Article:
Moving images are everywhere today. Can we even imagine a world without video?
The first motion pictures arrived in early in the 20th Century, typically with a running time of a few seconds to a couple of minutes. The first films were released in 1894 with Edison’s Kinetoscope, which was designed to be viewed by one individual at a time. its so easy to watch hbo go on tv now a days but before the 1900 what was the scenario?
‘Fred Ott’s Sneeze’ is the first motion picture, produced in 1894 by Edison Studios, with a running time of 5 seconds.
Human life was revolutionized by the advent of photography several decades earlier, and now those images were coming to life. This was magical technology, being able to replicate life through images. This was a big deal to people, never before had real life been accurately portrayed like this.
A great example is a 50-second film by The Lumière Brothers called Arrival of a Train at La Ciotat (1896). The legend goes that people were so overwhelmed by the life-size train projected on the screen that they screamed and ran to the back of the room. It’s laughable now for our society now but back then naturalistic moving images were brand new, and a comparable technology today could be Virtual Reality.
(Charlie Chaplin’s The Tramp)
In the 1910s, comedic short films were most popular, especially in the form of a series. Many of the great comedians of cinema got their start in short films, including Charlie Chaplin, Laurel and Hardy, and Buster Keaton. Chaplin’s iconic Little Tramp character originated in a 6-minute short film titled “Kid Auto Races at Venice” (1914).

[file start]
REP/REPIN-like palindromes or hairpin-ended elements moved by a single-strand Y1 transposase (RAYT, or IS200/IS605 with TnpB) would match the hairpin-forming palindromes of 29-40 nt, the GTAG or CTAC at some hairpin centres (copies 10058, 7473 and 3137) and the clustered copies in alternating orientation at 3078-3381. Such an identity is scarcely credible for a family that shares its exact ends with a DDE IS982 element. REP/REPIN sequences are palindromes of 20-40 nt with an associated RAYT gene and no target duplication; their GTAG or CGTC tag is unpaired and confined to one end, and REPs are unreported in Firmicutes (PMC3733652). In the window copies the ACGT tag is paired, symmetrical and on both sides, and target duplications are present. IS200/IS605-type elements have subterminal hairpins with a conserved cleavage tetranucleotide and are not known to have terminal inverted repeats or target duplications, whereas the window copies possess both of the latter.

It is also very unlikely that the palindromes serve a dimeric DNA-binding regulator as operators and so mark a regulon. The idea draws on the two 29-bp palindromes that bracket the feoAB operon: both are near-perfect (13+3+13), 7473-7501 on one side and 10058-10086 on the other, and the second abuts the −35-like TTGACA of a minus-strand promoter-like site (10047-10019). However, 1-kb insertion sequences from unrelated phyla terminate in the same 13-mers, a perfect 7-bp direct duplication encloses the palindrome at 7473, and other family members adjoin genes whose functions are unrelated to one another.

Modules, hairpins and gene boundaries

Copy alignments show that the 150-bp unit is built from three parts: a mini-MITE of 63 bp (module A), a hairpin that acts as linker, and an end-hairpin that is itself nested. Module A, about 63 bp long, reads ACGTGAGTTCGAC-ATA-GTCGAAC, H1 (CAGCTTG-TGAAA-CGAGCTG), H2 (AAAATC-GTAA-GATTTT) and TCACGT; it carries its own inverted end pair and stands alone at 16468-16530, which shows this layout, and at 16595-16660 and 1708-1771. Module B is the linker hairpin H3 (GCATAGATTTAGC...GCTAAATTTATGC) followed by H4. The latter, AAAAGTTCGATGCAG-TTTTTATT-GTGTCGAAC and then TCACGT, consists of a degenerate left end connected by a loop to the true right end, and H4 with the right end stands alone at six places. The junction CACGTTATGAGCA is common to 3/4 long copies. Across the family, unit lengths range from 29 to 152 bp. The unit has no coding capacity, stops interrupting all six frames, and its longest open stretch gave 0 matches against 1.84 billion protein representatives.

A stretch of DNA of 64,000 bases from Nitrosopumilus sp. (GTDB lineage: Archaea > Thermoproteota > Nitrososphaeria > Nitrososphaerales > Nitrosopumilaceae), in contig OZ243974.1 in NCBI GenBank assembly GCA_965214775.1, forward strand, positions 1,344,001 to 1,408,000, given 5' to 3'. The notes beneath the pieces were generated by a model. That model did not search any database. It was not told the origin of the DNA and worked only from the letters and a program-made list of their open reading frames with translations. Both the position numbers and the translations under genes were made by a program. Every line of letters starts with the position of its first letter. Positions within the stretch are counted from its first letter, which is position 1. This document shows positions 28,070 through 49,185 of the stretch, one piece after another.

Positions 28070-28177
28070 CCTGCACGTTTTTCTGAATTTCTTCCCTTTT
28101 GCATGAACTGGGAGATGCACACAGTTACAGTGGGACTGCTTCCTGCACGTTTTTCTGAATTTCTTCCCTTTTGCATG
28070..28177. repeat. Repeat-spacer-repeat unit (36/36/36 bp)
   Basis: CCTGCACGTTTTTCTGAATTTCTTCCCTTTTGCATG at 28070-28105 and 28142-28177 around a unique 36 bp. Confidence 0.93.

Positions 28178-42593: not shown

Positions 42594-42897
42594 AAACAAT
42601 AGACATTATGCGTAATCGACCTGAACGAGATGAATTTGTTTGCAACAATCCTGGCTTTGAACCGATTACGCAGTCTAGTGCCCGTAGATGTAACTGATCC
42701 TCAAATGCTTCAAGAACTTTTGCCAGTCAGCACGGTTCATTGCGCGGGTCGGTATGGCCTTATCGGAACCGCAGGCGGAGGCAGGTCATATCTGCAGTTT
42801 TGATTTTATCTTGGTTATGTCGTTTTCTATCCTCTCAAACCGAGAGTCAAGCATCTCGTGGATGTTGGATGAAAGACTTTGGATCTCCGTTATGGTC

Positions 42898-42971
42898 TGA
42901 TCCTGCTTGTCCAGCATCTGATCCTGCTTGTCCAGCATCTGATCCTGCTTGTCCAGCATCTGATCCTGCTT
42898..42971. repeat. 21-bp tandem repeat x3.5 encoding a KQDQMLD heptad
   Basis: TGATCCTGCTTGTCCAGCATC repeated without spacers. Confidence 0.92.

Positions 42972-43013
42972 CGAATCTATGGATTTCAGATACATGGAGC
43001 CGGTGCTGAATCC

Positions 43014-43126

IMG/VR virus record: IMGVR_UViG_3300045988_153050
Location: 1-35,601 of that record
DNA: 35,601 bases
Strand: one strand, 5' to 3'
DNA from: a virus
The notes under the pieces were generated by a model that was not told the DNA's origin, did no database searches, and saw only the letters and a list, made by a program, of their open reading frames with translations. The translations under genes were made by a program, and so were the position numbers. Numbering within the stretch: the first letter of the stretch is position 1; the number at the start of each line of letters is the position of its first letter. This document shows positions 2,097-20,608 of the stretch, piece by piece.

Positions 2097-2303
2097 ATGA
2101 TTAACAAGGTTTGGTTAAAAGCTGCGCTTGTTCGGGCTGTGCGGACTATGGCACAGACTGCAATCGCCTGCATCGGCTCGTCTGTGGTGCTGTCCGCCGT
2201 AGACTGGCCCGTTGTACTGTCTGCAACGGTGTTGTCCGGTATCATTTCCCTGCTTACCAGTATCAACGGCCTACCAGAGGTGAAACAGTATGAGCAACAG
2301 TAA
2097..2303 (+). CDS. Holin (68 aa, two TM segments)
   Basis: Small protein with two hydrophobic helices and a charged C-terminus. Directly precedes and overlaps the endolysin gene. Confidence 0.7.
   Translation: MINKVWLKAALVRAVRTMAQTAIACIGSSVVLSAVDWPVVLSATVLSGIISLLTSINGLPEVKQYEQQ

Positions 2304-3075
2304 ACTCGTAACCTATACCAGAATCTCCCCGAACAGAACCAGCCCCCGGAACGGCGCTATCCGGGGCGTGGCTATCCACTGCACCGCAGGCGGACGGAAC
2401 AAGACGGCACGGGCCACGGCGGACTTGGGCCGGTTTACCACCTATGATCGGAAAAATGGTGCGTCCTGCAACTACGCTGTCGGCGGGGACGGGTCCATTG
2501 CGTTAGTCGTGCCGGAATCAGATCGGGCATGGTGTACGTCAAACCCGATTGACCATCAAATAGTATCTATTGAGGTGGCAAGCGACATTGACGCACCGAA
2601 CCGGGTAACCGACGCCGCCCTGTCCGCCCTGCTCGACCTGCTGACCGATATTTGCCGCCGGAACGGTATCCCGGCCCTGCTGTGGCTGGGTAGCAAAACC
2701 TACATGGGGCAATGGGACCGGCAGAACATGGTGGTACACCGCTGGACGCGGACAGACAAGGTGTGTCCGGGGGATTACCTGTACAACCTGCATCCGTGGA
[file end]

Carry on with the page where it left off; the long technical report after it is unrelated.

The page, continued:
The silent movie magazine The Cinema said of the film, “Kid Auto Races struck us as about the funniest film we have ever seen. When we subsequently saw Chaplin in more ambitious efforts, our opinion that the Keystone Company had made the capture of their career was strengthened. Chaplin is a born screen comedian; he does things we have never seen done on the screen before.”
Phone, or Personal Movie theater?
While feature films have dominated the cinematic landscape for most of the 20th century, in 2018 – the short film format rules the world. Instagram is arguably the largest content creator and distributor of video-driven content in the world, with every video having to be under a minute or less. These videos are mostly consumed by individuals on their phones or personal computers, just as the first films were designed to be viewed individually through the kinetoscope. It’s easy to imagine Fred Ott’s Sneeze being uploaded to Instagram, where we could watch the sneeze playing over and over again.
The Future of Short Films
Filmmaking technology is becoming more and more affordable by the day, and this allows more unique artistic voices to emerge and experiment. Just as Chaplin got his start with shorter films, many future talents will continue to emerge from this medium. It seems like short films are only increasing in popularity, as evidenced by the increase in short film distribution on networks like HBO. Derrick Williams’ ‘Ugly’, is one such example, an innovative coming of age story previously showcased by HBO.